Michael Hogan is a teacher trainer and material author with over 20 years of experience in the ELT world. Chia Suan Chong is a teacher trainer with a communication science background. They have it in common CertPT course designed for practicing teachers who wish to deepen their understanding of pedagogical theory and expand their practical teaching skills. On the spring days of 2021, they presented a webinar that dealt with communication skills, mindfulness and well-being, as well as promoting interaction in the classroom.
What is communicative competence?
Communicative competence refers to the learner’s ability to use the language to communicate successfully. This means going beyond grammar and vocabulary to understand the social context and use language appropriately in those contexts.
How can we help our learners become more communicative? Well, Interaction hypothesis by Michael Long is a good starting point. This theory suggests that interactions themselves promote language learning. Interactions help students understand their own communicative strengths and weaknesses and encourage them to use all of their language resources to negotiate meanings.
Practical ideas for encouraging student interaction
As teachers, we should encourage a culture of interaction in the classroom. Here are three practical ideas to give our students plenty of opportunities to interact online.
Have students interact within the first few minutes. A simple and easy way to do this is by taking a quick survey, a few multiple choice questions, or a true / false statement about the entire class topic.
Photos are often used as an invitation for discussion or description. You can find images in free online resource banks, such as: This one here from ELTPics on Flickr. You can get your learners to practice shapes as usual or the third condition (If I had …) to describe them. You could ask them to arrange a series of photos in chronological order and explain them in groups.
Another way to encourage interaction between your learners is to make sure the assignment has a gap, such as: B. Missing information or information that students need to find out about each other. Let’s look at some activities that naturally encourage authentic communication.
Try an illustration gap activity with your students. In pairs, one student describes a picture to another, e.g. B. a room. The second student listens, asks questions, and draws the picture as they understand it. Both then compare pictures and discuss.
Gaps in reasoning are another activity that can be done in pairs or in groups. Present a situation with a misunderstanding and encourage students to discuss what is going wrong and how it could be resolved. For example, a misunderstanding that can be caused by different international greeting styles – kiss, bow, or shaking hands.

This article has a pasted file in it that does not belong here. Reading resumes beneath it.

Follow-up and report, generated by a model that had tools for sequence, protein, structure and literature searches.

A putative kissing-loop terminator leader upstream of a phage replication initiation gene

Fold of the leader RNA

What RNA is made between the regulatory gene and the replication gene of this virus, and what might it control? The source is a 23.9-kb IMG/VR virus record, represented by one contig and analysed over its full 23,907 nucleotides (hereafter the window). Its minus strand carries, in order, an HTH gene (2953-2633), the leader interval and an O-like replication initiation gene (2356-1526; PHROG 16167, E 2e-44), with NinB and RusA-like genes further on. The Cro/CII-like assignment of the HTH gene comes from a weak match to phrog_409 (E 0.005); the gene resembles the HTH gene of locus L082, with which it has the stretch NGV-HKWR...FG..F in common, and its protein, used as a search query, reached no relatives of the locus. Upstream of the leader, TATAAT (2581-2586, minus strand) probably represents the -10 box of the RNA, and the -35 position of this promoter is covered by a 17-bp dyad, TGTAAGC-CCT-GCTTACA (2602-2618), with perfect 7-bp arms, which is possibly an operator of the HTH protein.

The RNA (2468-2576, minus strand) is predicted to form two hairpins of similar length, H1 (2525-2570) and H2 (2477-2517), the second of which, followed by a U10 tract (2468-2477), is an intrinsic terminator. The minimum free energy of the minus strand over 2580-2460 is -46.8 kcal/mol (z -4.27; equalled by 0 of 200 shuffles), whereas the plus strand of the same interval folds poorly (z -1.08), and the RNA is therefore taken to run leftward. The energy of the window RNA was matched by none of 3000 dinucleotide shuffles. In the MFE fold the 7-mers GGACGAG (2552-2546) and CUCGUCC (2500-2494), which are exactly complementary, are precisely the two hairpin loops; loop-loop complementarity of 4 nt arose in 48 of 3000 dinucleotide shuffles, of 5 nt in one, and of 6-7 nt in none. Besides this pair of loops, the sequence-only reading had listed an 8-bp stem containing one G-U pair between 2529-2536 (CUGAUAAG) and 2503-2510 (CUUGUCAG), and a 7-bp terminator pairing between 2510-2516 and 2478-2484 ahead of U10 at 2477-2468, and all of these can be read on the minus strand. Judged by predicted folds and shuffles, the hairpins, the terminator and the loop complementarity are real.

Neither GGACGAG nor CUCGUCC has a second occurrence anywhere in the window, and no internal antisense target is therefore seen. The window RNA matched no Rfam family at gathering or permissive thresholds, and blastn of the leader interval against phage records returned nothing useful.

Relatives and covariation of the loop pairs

Gaps in opinion also create many opportunities for discussion. Present an opinion that students can discuss in pairs or in small groups. Example: “Working from home has only advantages, and anyone who can work from home should continue to work from home even after the pandemic has ended.”
Motivation, wellbeing and mindfulness
Interactions and language-related work are not the only ways to interact in class. You can create a culture of communication around the students in your classroom. how they are doing and how they are feeling. There are important links between wellbeing, mindfulness, and learning. Both wellbeing and mindfulness can directly affect a learner’s motivation. As a teacher, it is therefore important to regularly support learners in these areas.
Wellbeing refers to how people feel and function on a personal and social level and how they evaluate their life as a whole. Bad wellbeing can have a negative impact on motivation, learning experiences, and success. The opposite is also true; poor learning outcomes and experiences can have a negative impact on wellbeing.
So what are some classroom activities related to wellbeing? Well, you could ask students to keep a journal of their social media usage and screen time, and to discuss how they feel about it. Ask your students to imagine a place where they can feel good. Do them with questions. Or ask students to keep a journal of typical things they do during a week and how they feel about them. This type of activity offers plenty of thought-provoking opportunities.
Mindfulness is the ability to be present in the moment, to fully engage with what we are doing and free from distraction. And there are plenty of ready-to-use activities to try with your students. Draw a (stress) curve that shows how you and your students feel at different times of the day. Create a quiet moment and ask students to close their eyes and focus on the thoughts in their heads. For fun, ask students to put a raisin in their mouth and focus on the texture and taste.
The webinar elaborates on all of the above activities and provides suggestions on how teachers can improve their own mindfulness in class.
Find out more about the spring days 2021
The Spring Days 2021 webinar series addressed many of the challenges faced by teachers over the past year. Over 20,000 teachers from around the world came together to reflect, learn and develop.
Amy Malloy and Donatella Fitzgerald hosted webinars on dealing with technostress. There were sessions to use the ESAP framework, and how to rate Skills of young learners online, along with a general session about Tips and tricks for hybrid learning.
Lost learning was another popular part of the Spring Days session events Online evaluation and the challenges of Lessons during the pandemic.
Ken Beatty, the plenary speaker, gave an overview of the last year of online learning and the Round table discussion focuses on hybrid learning.
All the Webinar recordings from the spring days 2021 are available on YouTube.